Jim Johnson, Chairman of the Standish Group, says that warning signs of project failure are easy to spot. I say, not so much. In an article in CIO, Johnson says lack of interest and poor communications are the two key early warning signs of project failure. Johnson speaks in the broadest of terms about everybody, and everyone.
Most of us recognize that buy-in from everyone is unlikely and probably an unreasonable expectation, especially as the size and scope of the project increases. Lack of interest as demonstrated by Johnson is equated to silence, and physical absence. His prescription is a bromide, “Make sure everyone has the same goals even when they have conflicting agendas.” Easy to say Mr. Johnson, but quite difficult to put into practice. Unfortunately, he offers no tips for success on enacting this measure, other than providing a positive environment.
Citing poor communication as an early warning sign seems very ‘on the nose’. If project planners and stakeholders are not talking to each other, it is hard to see a successful outcome. As we learned from our class simulations, there is a time and place for stand-ups, status meetings, and one-on-one coaching.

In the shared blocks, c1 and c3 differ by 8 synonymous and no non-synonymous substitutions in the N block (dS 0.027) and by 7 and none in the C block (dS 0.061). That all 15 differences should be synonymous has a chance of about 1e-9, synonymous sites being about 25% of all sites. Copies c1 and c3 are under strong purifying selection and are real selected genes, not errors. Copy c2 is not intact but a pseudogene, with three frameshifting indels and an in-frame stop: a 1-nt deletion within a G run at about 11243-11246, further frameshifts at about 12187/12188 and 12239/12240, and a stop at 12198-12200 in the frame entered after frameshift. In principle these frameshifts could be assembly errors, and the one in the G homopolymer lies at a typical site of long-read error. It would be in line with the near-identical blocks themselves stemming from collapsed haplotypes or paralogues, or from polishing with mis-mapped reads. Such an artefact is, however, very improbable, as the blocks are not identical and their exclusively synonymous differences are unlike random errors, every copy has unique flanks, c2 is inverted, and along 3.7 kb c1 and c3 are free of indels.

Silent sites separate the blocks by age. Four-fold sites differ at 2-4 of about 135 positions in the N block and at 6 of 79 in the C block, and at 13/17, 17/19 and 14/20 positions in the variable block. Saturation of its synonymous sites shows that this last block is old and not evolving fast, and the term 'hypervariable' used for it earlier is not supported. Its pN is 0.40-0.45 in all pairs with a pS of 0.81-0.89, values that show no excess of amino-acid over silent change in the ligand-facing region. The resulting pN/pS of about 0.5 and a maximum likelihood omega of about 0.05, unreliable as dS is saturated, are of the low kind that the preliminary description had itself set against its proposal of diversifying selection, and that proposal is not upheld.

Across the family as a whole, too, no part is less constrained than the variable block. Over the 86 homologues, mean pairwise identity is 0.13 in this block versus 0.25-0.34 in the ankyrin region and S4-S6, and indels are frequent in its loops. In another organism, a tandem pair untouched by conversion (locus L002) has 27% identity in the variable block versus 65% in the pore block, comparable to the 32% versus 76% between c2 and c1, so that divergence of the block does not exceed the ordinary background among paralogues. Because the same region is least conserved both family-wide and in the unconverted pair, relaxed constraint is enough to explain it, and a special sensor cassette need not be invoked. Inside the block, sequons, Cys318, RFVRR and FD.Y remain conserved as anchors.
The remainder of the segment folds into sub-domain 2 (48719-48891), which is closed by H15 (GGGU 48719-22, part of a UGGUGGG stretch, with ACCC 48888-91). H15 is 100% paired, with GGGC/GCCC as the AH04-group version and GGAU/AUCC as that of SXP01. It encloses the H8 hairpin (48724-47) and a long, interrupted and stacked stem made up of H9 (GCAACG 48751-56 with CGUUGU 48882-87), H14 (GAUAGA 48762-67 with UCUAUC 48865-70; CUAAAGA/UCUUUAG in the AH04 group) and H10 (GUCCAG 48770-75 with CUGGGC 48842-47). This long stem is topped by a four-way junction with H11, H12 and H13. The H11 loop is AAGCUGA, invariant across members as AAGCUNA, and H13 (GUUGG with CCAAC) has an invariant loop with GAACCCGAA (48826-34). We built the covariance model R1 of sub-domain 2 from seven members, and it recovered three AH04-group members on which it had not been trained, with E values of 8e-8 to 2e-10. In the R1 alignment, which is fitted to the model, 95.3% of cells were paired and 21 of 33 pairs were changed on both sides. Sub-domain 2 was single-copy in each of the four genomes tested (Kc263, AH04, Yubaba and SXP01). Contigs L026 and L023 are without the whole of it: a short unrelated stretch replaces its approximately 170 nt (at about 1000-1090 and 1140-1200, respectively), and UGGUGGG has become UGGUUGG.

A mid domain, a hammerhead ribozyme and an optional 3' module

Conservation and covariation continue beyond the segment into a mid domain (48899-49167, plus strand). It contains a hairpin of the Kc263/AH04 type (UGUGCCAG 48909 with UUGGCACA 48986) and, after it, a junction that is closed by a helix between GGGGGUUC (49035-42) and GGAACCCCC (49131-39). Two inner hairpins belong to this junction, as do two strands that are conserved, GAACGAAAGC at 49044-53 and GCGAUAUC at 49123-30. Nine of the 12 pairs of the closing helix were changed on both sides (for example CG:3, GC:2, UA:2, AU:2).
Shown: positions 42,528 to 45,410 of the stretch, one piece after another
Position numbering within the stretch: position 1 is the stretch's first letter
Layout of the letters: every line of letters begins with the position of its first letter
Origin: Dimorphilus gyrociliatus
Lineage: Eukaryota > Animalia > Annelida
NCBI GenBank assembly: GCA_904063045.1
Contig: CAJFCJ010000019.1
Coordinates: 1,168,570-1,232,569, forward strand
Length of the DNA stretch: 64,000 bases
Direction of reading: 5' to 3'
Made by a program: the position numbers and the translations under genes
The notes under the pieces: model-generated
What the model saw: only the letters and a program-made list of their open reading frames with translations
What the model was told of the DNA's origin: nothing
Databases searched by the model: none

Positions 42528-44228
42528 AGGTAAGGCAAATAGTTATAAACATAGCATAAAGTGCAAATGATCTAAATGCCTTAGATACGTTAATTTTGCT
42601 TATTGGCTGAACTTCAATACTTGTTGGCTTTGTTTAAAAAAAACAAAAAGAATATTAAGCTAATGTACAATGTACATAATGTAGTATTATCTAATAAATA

Other Agile advocates, according to the article, promote ‘velocity’, or delivering a lot of small tasks to create an aura of success. This perception of movement, of things happening, can be psychologically beneficial. Without, project participants may feel as if things are stagnating.
One of the last intangibles cited was proposed by Raj Kapur of the Center for Project Management. He says that an organization has to be accepting of bad news. Thank you, Mr. Kapur, for that. However, you provide us no mechanism for imposing a new culture on our organizations. That is not to say all projects will fail if these factors are operational, only that the likelihood of complete success is much, mush smaller.